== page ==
On Thursday's conference call, Herbert took a number of questions about expenses, which increased by nearly 16% year over, to $275.9 million.
The bank's expenses have been rising steadily over the last two years as it brought in consultants and invested in new systems in preparation for the increased regulatory scrutiny that comes with crossing the $50 billion-asset threshold.
Herbert told analysts that regulatory-related costs are close to "topping out," but that they should not expect to see a meaningful decline in such expenses anytime soon now that it has surpassed the $50 billion mark. As a larger institution, Herbert said that First Republic will be spending roughly $5 million a year on regulatory exercises such as drafting so-called "living wills" and preparing for more stringent stress tests.
Company officials also said that First Republic is seeing a significant payoff from its heavy investment in business development. Though salary and compensation costs have increased more than 21% year over year, those costs have been more than offset by growth in loans, deposits and wealth assets under management, all of which increased by double digits.
Wealth assets are expected to rise even more substantially this quarter following the Oct. 1 acquisition of Constellation Advisors. That deal is expected to add roughly $6 billion of assets under management to the $58.8 billion it reported at Sept. 30.
BB&T: Patient M&A
BB&T's higher cost structure is largely a function of its focus on acquisitions.
The $209 billion-asset company's noninterest expense rose 4% in the third quarter from a year earlier, to $1.6 billion. But $77 million — or 5% of the quarterly expenses — were tied to acquisitions, notably the purchases of Bank of Kentucky Financial and Susquehanna Bancshares. Management said during a conference call Thursday that Winston-Salem, N.C.-based BB&T will likely incur another $60 million to $80 million in merger-related charges this quarter.
Other expense items rose as a result of acquisitions. Personnel expense increased 11% from a year earlier, as BB&T added roughly 2,100 employees, while occupancy costs rose by 8%. BB&T, however, has already disclosed plans for branch closings and initial job cuts.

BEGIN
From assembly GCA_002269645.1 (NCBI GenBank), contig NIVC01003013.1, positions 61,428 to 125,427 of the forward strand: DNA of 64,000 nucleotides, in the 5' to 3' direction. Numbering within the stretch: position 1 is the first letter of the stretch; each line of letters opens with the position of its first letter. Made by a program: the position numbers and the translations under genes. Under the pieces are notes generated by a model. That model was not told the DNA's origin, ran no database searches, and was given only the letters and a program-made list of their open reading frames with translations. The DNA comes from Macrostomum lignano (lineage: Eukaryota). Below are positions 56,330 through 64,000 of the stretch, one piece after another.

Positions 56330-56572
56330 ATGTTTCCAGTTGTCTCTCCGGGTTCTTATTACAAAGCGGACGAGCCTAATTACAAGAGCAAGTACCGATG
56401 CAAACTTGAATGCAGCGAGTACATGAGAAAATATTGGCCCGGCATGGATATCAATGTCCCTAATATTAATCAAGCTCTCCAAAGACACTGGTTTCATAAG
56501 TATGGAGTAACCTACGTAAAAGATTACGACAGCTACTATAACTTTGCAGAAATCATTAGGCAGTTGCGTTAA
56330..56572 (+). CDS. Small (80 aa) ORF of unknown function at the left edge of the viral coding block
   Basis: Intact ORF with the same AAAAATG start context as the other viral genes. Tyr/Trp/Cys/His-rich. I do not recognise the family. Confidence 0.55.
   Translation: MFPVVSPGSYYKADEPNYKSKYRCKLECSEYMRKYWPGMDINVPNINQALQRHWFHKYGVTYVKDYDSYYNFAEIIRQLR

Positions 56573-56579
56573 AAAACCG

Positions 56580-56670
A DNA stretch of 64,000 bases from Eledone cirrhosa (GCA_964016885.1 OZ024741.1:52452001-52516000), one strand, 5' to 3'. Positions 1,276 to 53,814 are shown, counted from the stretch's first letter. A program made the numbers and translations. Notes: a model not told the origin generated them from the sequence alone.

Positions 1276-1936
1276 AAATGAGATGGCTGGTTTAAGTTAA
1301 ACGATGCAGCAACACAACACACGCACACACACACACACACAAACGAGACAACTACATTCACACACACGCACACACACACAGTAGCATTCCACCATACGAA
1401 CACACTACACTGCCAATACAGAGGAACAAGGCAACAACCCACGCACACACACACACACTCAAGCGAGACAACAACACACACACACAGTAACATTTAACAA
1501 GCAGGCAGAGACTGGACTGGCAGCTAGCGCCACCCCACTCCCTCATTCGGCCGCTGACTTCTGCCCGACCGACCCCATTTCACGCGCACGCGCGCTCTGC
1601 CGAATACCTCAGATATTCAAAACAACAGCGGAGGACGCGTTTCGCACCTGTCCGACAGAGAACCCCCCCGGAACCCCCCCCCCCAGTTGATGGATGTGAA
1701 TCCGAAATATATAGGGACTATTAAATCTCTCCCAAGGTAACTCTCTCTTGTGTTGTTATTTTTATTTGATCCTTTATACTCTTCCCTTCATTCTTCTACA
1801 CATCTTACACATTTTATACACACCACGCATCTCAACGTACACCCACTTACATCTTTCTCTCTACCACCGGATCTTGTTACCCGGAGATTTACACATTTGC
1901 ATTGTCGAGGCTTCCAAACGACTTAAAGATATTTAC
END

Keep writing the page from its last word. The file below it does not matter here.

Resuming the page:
Profit decreased 4% from a year earlier, to $492 million.
The long-term goal, however, is to "rationalize the expense bases" at the acquired companies, Kelly King, BB&T's chairman and CEO, said during the conference call. "This is an important part of our expense strategy and it gives us a real lever that would not be available if we were not in the acquisition business," he said.
Revenue, meanwhile, is expected to keep rising as a result of recently completed deals, along with the pending purchase of National Penn Bancshares. Susquehanna, for instance, added $150 million in revenue during the two months it was a part of BB&T in the third quarter. (Overall revenue increased by $155 million compared to a year earlier.)
"We're very excited about having these new assets, and we think they will be really productive for us as we go forward," King said.
Overall noninterest expense, absent merger costs, fell "slightly," Daryl Bible, BB&T's chief financial officer, said, adding that the workforce "remained relatively flat" once employees at acquired institutions were excluded.
Other efforts could help BB&T lower long-term costs, including its new U platform that debuted last month. The in-house application lets customers set the color schemes, profile pictures and features they can access after logging in. Such initiatives don't "take a huge amount of actual capital," said Ricky Brown, the company's president of community banking.
"Clearly our most expensive channel is the branch, which we'll be rationalizing over time," Brown added. "With the advent of digital and things like U … we will be able to go into markets where we've got great distribution, great coverage and great brand and perhaps be able to take branches out."
U.S. Bancorp: Picking Its Spots
But the pressure on bank executives to take quick cost-control measures remains intense
U.S. Bancorp is tightening its belt at least another notch. It has already frozen its headcount for about a year. In the third quarter, it sought to upgrade talent by essentially replacing underperforming employees. That effort pushed expenses to rise but ultimately should improve efficiency, CFO Kathy Rogers said in an interview.
Additionally, the company said it is expanding its efficiency program to focus on discretionary spending. Travel is being replaced with video and teleconferencing when possible. When travel is needed, the company is looking for airfare and hotel discounts.
"We are doing these things with the intent to return to positive operating leverage, but they may also allow us to use those savings to reinvest in other opportunities," Rogers said.
Of course, there are areas where the company is not looking to cut: technology, namely mobile technology, and compliance.
"I haven't starved [mobile technology] one bit because that is the changing environment we are in," Davis said.
And that is the kind of balancing act facing all the CEOs.